On July 12, 1971, Forrest (Butch) Amundsen, representing the Cokato Jaycees, approached the City of Cokato about the need for a youth hockey program. In addition, Amundsen proposed plans for enlarging the skating rink and building hockey boards. In December of 1971, the newly enlarged rink and growing community support allowed the Cokato Hockey Association to establish a Squirts (under 10 years) and Bantams program (age 12-14). Eventually, Peewees, Mites, Midgets, and Juveniles teams were added as well. Although these teams were primarily comprised of boys, a couple of girls briefly entered the ranks in the early 1980s—Sara Keskey and Sonja Lund. Unfortunately, a girls’ team would not form until approximately a decade later.
In Minnesota, girl's hockey also took longer to develop. As a result, the first Minnesota State Girl's Hockey Tournament did not occur until 1994. Women's hockey also did not become an olympic sport until 1998. For the Litchfield/Dassel-Cokato girls it wasn’t until the 1998-1999 season that the Dragon’s had a girls’ hockey team. The first team was coached by Markus Millazo and Steve Benda, and was comprised of S. Niemela, Talia Wischmann, Robyn Wozniak, M. Carlson, Naomi Benda, S. Fischer, J. Tidwell, S. Gunnerson, Valerie Moe, Heather Amundsen, Elizabeth McGraw, D. Oberg, Stephanie Nikula, M. Eidsvaag, K. Johnson, S. Wright, K. Nielson, Jessica Hilker, A. Belinsky, M. Lalonde, and A. Kerr.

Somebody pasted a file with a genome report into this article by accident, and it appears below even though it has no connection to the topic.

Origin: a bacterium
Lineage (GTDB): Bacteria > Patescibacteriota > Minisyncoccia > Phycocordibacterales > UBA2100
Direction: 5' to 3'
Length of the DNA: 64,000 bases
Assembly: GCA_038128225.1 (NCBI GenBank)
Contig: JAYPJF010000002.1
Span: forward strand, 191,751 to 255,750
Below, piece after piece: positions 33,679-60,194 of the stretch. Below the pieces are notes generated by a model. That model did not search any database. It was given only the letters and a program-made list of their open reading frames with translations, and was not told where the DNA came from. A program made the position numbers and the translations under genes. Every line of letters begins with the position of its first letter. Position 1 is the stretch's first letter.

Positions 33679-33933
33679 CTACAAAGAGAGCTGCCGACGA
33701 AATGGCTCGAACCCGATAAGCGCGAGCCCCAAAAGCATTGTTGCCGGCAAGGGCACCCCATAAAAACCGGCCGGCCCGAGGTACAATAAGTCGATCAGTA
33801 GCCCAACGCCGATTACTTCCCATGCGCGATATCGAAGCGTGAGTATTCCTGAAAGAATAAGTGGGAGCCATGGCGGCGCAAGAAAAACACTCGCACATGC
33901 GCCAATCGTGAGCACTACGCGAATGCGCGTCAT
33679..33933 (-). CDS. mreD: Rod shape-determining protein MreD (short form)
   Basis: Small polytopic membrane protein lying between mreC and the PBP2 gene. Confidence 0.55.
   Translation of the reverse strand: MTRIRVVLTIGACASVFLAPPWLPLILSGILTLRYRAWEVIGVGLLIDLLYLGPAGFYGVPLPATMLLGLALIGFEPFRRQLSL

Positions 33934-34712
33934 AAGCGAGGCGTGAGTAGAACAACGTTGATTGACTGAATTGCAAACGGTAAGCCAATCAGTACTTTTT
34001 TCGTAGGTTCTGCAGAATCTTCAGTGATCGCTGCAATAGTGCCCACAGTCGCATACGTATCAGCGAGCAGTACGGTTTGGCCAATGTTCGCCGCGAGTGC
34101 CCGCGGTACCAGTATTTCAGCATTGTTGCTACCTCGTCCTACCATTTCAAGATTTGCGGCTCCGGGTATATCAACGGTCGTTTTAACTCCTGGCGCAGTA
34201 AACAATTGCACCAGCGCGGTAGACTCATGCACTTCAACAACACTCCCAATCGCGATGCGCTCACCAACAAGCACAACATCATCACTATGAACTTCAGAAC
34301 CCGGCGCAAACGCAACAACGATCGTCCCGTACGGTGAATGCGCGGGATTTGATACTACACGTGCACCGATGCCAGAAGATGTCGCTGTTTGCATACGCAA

Sara Jones (Fischer) of Litchfield was on the first L/D-C team. She recalled what she experienced the first years of the program, "While participating we unknowingly had to grow a "thick-skin" as we were harassed by male players. We also faced comments at school that are less than desirable. Having done something that was typically a male sport pushed us as players to be strong on and off the ice..." L/D-C's first girls' hockey team created an important building block for the next generation of players. In 2014, the L/D-C girls' hockey team made it to state for the first time. One can only imagine what future years may bring for girls' hockey.